Besides, just like our Constitution, the UDHR, the UN Charter and the so-called seven “core” UN international human rights treaties ( ICCPR, CAT, ICESR; CERD, CEDAW, CRC, and MWC ) the word “sex” (implying male or female) rather than “sexual orientation” (the phrase that is used to advance homosexuality or “LGBT” agenda), is used, and no where do we see the phrases “Lesbians, Gay, Bisexual and Transgender rights [LGBTI]” in these overarching international human rights documents.
This clearly underscores the fact that the framers of these international consensus documents were informed by a conception of sex as naturally being male or female, and had high regard for protection of family as a basic unit of a society.
2.4. THE ONLY ACCEPTED “PUBLIC INQUIRY” ON MATTERS OF HOMOSEXUALITY IS A REFERENDUM: TIME TO DEFEND THE CONSTITUTIONAL TERMS
We would also like to state that the only accepted “public inquiry” to inform Government as to whether to remove those laws that criminalise homosexuality is a referendum – not a stakeholder centred public inquiry as the Government would want to make us believe. This is so because any change or removal of the laws that criminalise homosexuality will by implication means a change in the definition, scope of marriage and family as held in our Constitution and other domestic laws.
And family as one of the principles of national policy (Section 13 of the Constitution) and hence being under an entrenched provision of the Constitution [ as reflected in the Schedule to the text of the Constitution], is a protected area in our Constitution based on the principle of Constitutional Stability, and any attempt to affect such through the repealing of laws that criminalise homosexuality without consulting Malawians through a referendum, is not only wrong and unacceptable, but also a gross violation of the Constitution.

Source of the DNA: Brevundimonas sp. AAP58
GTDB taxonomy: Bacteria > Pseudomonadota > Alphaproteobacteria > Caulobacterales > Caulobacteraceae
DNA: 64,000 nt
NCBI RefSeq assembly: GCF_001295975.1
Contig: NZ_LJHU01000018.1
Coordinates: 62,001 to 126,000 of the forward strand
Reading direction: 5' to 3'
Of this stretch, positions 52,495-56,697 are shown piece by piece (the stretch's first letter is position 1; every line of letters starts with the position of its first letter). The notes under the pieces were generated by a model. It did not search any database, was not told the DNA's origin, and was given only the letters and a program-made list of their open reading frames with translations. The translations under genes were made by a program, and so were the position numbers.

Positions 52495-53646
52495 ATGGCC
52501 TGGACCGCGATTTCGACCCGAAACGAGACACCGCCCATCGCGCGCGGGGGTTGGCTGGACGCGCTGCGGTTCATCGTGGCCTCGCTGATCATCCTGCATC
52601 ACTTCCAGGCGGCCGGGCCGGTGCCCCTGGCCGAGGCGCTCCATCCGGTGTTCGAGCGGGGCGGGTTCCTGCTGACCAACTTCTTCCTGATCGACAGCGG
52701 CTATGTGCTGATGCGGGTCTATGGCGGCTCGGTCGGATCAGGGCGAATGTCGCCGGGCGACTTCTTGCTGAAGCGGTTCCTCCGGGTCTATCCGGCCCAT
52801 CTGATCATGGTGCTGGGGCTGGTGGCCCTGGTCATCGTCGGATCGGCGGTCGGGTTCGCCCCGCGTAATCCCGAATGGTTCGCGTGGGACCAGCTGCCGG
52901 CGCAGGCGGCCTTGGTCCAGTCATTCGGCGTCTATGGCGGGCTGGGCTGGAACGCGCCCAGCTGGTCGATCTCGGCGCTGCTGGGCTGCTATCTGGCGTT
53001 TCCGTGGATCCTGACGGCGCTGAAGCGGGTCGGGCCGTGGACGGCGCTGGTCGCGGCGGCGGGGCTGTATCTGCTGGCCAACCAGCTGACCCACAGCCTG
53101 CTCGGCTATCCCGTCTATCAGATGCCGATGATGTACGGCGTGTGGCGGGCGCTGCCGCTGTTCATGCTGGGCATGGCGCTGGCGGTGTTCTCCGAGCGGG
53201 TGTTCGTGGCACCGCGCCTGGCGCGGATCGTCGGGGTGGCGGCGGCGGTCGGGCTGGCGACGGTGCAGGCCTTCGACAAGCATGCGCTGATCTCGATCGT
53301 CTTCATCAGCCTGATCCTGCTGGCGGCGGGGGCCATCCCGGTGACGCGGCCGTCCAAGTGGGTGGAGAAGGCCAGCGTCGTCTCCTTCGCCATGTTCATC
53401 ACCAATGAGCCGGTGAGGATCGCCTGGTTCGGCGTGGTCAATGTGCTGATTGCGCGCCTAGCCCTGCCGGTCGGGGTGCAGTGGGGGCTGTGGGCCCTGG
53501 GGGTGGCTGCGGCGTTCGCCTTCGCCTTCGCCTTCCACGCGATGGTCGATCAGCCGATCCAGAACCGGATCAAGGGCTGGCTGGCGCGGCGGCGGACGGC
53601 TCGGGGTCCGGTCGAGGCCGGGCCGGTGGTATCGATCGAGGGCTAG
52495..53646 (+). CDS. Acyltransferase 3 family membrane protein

Besides, the Report of the Law Commission on the Electoral Laws (2017), clearly states that “Government might also decide to initiate the referendum because public pressure forces it to hold one or it is divided on the issue at hand.” Already, Government confessed that it was receiving enormous pressure, hence the decision on the public inquiry.
It can therefore be argued that Government can consider initiating a referendum on this matter based on the said pressure it is receiving. In fact, Government should go further to tabling the Referendum Bill [as prepared by the Law Commission], in the next November sitting of Parliament, and then subsequently subject the issue to a referendum as per the Constitution guarantees [e.g Section 89(1) (i) ].
After all, President Arthur Peter Mutharika already pledged during the Presidential 2014 debate pledged to subject the issue to a referendum.
3.0. OUR REACTION TO MHRC’S STATEMENT
3.1. CONTRADICTIONS ON THE PURPOSE OF THE PUBLIC INQUIRY
While the MHRC statement is right by stating that Government indicated that the outcome of the public inquiry would help it to “determine the way forward,” the November 2016 statement from Government was explicit and specific on this way forward –Government would seek the views from the public in order to determine as to whether to remove the laws that criminalize homosexuality or not. In fact, this was the overall objective of the said public inquiry – NOT the one indicated in the MHRC statement: “to get views from the public that would be used to inform the national position on the controversial issue of LGBTI.” Besides, the national [Malawi] position on the so-called “controversial issue of LGBTI” is an already established and settled issue as ably stated in our domestic laws [the penal code, Constitution, Marriage Act etc.].
It is therefore misleading [on the part of Government] to suggest that Malawi does not have a position on the issue. Malawi’s position is loud and clear: Homosexuality is illegal in Malawi.